There is no I in TEAM

May I first start by saying HAPPY BIRTHDAY to our fearless leader Jim Taylor! We would not be half as motivated as we are everyday without Jim's faithful supervision and constant check ups.. "Everyone working? Everyone got a job? Good." This may only be entertaining to our team here in Africa but I am laughing as I type that because Jim really has what it takes to lead a team and take control of such a huge project like this. We really take our hats off to you Jim, as these walls grow higher higher you take each day with an unrelenting ease. It is his laid back attitude that allows for us to work in a relaxed but controlled environment. But lets not forget to give our props to Safety Sammy! He certainly plays a major role in our daily decisions and now that our walls are growing to 8 feet I have decided to start to listen!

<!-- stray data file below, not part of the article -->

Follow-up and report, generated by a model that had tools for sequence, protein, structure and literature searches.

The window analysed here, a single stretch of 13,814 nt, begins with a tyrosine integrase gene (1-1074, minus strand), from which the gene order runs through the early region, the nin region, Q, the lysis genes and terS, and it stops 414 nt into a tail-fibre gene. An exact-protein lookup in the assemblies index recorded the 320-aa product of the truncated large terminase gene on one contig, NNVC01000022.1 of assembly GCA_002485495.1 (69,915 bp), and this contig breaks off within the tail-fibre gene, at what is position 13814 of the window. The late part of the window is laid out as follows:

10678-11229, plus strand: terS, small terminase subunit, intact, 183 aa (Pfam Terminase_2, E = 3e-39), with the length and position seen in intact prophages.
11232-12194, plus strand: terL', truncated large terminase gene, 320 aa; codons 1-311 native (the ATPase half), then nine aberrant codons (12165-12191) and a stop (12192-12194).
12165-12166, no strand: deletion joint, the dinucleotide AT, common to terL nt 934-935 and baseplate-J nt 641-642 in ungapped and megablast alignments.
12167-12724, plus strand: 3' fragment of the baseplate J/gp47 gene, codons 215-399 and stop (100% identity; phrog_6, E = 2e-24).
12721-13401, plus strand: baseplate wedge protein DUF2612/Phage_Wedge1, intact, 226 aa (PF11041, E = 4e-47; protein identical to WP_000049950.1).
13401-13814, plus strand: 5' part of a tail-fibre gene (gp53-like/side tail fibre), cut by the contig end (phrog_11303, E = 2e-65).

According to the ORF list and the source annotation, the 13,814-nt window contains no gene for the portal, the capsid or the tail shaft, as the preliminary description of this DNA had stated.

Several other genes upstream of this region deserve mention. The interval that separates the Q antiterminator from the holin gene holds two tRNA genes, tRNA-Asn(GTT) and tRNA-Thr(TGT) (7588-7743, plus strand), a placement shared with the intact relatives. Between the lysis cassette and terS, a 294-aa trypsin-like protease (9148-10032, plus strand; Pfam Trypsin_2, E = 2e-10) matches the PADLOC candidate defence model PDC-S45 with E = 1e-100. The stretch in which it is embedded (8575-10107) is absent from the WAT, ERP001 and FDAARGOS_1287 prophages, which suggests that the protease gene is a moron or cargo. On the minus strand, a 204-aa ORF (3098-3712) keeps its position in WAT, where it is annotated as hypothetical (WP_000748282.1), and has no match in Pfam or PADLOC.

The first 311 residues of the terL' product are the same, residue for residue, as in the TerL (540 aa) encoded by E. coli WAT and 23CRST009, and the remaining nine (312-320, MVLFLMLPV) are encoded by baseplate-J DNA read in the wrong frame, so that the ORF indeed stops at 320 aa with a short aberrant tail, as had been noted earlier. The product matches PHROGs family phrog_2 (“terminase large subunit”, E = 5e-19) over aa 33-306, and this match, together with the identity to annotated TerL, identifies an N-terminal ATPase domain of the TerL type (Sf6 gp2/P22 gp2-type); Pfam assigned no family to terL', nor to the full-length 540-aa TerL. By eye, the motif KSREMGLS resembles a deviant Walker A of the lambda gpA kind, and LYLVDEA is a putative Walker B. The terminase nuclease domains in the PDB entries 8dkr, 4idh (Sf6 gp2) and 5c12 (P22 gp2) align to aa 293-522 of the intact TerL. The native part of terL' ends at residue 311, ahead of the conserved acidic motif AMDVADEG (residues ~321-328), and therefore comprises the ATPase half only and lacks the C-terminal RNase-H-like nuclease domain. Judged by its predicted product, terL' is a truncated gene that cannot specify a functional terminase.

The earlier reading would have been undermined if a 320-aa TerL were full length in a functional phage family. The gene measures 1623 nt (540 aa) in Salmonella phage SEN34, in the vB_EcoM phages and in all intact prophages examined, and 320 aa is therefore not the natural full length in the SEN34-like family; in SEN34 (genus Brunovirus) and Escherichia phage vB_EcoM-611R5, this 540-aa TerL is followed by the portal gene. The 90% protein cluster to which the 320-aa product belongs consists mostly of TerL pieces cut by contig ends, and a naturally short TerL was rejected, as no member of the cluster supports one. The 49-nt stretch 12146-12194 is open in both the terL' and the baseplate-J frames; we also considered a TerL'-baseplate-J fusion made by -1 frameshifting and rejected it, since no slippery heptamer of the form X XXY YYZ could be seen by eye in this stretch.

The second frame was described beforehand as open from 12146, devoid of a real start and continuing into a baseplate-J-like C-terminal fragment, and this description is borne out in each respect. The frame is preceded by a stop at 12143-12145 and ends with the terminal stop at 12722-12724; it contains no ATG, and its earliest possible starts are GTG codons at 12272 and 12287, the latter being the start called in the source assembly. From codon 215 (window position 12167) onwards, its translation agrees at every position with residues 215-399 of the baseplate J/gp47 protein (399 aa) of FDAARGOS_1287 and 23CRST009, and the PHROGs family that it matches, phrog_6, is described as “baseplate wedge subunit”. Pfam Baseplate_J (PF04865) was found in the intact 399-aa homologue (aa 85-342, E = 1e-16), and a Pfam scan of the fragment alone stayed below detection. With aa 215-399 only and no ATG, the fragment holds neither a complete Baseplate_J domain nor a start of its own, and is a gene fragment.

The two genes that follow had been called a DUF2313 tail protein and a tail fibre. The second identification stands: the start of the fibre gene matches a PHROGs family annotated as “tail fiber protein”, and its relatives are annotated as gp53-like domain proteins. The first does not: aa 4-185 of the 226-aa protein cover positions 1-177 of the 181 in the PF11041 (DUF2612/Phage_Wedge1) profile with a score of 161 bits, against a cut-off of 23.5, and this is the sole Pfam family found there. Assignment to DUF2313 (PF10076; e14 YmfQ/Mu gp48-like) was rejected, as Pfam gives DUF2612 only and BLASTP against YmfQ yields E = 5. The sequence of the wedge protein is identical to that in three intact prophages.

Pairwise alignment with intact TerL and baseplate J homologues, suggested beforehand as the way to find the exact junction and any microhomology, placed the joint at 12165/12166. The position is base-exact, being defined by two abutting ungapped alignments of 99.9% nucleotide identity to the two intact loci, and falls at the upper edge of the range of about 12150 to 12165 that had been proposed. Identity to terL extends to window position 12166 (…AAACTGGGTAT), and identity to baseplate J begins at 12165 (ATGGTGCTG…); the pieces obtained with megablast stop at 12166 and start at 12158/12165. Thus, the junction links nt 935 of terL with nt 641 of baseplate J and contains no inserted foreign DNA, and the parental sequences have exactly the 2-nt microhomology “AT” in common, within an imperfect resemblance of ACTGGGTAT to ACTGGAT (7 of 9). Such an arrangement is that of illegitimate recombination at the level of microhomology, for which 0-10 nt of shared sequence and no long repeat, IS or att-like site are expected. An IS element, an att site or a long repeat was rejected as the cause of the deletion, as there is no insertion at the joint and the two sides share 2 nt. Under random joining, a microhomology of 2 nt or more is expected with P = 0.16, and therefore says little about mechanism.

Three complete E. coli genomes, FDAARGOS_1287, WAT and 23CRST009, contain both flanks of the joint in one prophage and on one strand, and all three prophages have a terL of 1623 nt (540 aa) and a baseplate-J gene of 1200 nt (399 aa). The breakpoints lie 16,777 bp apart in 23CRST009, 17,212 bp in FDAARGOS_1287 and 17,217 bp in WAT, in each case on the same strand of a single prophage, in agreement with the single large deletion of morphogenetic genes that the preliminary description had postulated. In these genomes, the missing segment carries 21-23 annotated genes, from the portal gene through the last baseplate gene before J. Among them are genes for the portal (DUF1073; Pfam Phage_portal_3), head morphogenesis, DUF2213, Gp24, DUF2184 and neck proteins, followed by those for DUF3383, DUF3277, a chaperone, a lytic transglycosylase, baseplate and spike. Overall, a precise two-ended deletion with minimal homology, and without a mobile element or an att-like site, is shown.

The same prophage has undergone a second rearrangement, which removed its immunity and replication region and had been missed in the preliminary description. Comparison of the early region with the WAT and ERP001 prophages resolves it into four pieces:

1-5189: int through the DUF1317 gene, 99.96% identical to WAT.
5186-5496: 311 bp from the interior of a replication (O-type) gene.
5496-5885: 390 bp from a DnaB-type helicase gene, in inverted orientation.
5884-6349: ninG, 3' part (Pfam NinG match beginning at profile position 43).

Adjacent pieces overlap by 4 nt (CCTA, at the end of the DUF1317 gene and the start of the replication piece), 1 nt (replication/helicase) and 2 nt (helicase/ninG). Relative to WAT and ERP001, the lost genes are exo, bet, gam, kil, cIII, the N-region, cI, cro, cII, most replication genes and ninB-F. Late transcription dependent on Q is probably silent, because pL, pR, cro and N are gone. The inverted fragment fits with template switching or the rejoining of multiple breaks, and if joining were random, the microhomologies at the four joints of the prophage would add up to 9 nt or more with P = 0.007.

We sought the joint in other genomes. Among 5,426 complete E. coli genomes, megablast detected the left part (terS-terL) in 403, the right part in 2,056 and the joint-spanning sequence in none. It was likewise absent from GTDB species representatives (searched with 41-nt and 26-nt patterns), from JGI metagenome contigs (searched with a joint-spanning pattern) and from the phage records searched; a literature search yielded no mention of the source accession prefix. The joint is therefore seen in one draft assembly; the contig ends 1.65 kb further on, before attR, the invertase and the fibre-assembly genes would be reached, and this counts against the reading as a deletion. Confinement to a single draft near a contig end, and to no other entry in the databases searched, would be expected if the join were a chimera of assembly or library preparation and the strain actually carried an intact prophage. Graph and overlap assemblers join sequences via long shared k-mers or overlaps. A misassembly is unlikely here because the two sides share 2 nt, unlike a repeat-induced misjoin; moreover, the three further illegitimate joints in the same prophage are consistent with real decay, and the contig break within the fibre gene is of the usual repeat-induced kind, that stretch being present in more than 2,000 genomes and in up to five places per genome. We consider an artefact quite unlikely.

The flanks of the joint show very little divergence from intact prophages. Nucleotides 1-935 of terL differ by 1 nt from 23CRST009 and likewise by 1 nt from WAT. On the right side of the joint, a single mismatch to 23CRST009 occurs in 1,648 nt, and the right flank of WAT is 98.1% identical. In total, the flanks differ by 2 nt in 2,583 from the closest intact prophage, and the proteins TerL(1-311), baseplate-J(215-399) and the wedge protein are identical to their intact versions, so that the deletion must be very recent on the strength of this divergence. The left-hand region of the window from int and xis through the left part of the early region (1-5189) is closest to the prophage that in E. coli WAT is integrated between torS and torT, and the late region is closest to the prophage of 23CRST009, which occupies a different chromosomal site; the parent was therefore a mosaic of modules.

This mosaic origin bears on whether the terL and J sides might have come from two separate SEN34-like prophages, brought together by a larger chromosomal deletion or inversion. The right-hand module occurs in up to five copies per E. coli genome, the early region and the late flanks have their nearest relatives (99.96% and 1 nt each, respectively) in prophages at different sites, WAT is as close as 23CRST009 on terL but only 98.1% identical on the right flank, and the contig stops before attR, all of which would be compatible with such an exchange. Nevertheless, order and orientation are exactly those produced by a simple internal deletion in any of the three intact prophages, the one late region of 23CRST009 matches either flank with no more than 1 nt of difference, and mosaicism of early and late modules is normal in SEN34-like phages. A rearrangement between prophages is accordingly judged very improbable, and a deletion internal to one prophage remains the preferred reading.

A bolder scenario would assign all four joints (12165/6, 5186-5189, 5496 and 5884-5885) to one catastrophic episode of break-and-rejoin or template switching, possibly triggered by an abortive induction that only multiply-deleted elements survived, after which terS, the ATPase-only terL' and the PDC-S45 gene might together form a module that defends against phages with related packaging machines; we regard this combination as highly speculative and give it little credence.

What is fun about our current working situation is that the outer wall height must match the inner brick walls. It is almost like a race and provides for some friendly competition between each team working on each wall as we should all be in sync with the height of each course and cannot lay our next course until the outer wall has been laid and so on. Now that we have all paired off into non-committal pairs to work on our walls the days fly by and you can really see the accomplishments of your hard work. I have started feeling the beginnings of carpel tunnel  gripping those trowels all the day long and was debating asking for another job until the men whipped out the homemade scaffolding and I just couldn't resist a new adventure. The saw horses that hold the "scaffolds" up are just 2by4s and pretty much tree branches that have been slapped together with a few nails, gotta give them credit for being creative with the materials weve been given. Safety Sammy and Dad stepped in though after I piled 2 saw horses with 2 forms and 2 large stones in between to add height and was climbing my way up a very wobbly rickety scaffold before I was halted. Its fun to be inventive with ways to get up high to lay those stones but once you get up there and whatever you stacked is not so stable , I must admit it's pretty scary. Especially when your only object to grab onto on the way down would be the unset brick wall that you spent the whole day laying.